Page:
I wonder is part of the reluctance to move her to Memory Care or if at this point would she qualify and do well in Assisted Living that you are depending on her income for household expenses? there are 4 adults living in the house, how many are contributing to the expenses?

I know from a personal point of view if I were living in my child's home if I were causing any stress on the marriage I would not want that. While I would not want to be "put" someplace hopefully I would accept that AL or Memory Care would be better for my child and his or her family.
If you really can not place your Mom then getting caregivers in more often, you say you can afford them whenever you need them. I had caregivers 4 or 5 hours a day 5 days a week the last part of my Husbands life and prior to that I had them 3 days a week and previous to that I had him in adult day care. Adult Day Care might also be an option for your Mom at this point.
Sorry if I sound so hard nosed on this or mean but you also have to take your Husbands feelings into consideration.
Helpful Answer (13)

Are you an only child? You've had your mother for three years. Perhaps it is someone else's turn?

If it comes down to it, would you choose your mother over your husband?
Helpful Answer (12)

We all promised to take care of our loved ones. But taking care of them sometimes, many times, means we accept that we are not equipped to do that job in the BEST WAY FOR THEM. Sometimes, you have to love the person more than the guilt you are feeling -- very very hard to do, but may need to be done. Just do it for them, not because you think it will save your marriage. Be honest with yourself about that. If things in the marriage still go south, you will have even more guilt.
Helpful Answer (11)
Well said!!
Tinder, you have made up your mind from the sounds of it. There is nothing any of us can say that will help you to keep an open mind. Your husband doesn't want your mom there any longer and it really does not matter the reasons.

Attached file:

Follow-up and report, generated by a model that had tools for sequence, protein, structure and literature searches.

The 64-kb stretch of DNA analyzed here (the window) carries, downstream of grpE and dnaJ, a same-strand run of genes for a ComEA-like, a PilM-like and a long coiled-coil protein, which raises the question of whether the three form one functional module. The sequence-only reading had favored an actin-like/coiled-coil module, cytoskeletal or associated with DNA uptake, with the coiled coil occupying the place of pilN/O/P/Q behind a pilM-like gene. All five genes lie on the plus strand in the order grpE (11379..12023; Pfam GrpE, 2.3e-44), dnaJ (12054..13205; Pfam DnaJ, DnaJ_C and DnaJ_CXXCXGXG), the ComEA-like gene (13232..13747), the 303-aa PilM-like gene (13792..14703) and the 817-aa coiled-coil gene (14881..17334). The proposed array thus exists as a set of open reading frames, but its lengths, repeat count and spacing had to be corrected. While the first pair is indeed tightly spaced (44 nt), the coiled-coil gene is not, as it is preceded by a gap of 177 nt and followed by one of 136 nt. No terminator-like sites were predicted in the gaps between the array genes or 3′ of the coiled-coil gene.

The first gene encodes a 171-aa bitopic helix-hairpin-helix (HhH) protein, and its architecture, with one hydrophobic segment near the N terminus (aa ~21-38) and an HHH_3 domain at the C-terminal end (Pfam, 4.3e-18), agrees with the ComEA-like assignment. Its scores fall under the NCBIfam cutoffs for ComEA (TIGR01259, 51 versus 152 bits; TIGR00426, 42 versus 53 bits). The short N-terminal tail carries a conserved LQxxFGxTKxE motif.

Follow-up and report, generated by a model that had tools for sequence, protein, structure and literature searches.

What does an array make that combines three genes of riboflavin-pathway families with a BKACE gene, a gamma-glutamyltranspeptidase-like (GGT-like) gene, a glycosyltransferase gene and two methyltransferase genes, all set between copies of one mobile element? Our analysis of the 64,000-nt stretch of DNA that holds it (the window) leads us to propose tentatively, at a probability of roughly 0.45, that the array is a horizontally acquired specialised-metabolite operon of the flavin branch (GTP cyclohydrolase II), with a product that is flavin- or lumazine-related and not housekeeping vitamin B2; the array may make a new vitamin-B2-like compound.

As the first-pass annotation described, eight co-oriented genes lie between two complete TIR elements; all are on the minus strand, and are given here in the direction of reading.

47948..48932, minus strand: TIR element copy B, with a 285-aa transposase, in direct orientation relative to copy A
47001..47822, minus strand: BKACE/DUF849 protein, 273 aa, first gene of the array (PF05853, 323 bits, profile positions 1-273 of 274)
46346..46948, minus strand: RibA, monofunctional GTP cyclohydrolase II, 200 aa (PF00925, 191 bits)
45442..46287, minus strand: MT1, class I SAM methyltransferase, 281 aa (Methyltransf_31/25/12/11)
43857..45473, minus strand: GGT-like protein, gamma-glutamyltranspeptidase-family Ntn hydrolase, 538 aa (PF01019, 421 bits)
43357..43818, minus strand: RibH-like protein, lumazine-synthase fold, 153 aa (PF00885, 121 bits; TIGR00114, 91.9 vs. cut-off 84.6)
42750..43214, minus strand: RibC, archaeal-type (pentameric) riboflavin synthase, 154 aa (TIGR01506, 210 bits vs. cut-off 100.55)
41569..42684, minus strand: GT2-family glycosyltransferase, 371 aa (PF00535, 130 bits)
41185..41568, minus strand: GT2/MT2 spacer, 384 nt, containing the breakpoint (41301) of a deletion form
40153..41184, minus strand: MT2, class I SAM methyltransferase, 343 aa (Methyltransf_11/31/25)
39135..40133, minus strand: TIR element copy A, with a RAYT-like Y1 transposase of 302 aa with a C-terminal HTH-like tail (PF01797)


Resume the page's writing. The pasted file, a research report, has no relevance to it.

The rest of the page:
Couples therapy would help, but I would suggest that you seek individual therapy that will help you to better understand your husband's thoughts and feelings about this. Why are you being so stubborn and unfeeling? There is something else going on.

You said mom was in skilled nursing for three months? What had happened that she needed nursing level care? Skilled nursing is not at all like memory care. There are activities, many opportunities to socialize and make friends so she will not need you as much. Maybe that is what you are afraid of? No one can care for mom like you can? You are right, but the staff at a memory care facility will figure it out. They have to do this all the time.

Why would you even want to visit daily? Once a week is plenty and will allow you to reclaim part of YOUR life that seems to have gone by the wayside. What did you used to do before mom? Wouldn't you like to do more of the things you enjoy?

Are you trying to show your children what is expected of them when you need the help? Would you really want your children to provide for your care and lose their lives because of you? You are showing them how difficult care is especially when one spouse no longer wants your mom living with him.

What you should understand is that there is an appropriate time to let others care for her. Be honest with yourself and be willing to acknowledge that there will be a time when your mom needs more help than can be provided in your home. The longer you wait, the more difficult it will be for mom.
Helpful Answer (10)

im wondering how old is your mom? and how bad is her memory?

my mom back in 2010 was showing some signs of memory loss and some confusion plus making 'mistakes' here and there. (and bad judgment too!!)

now 8+ years later - her memory is about 10 seconds long. cant remember what day or season it is. cant read. cant watch tv (cant keep up cause can not remember whats going on) isn't washing her hair and im going to have to check on if shes even showering. (she is in assisted living) I have seen her "decline." Due to the dementia, she has seen things and hears things. (she believes everything she thinks no matter how bizarre)

I am glad she was placed before it was TOO DIFFICULT. she has been in AL since 2011. (with my dad, who is now deceased) she knows her surroundings, even if she has no memory. I think because we didn't wait too long.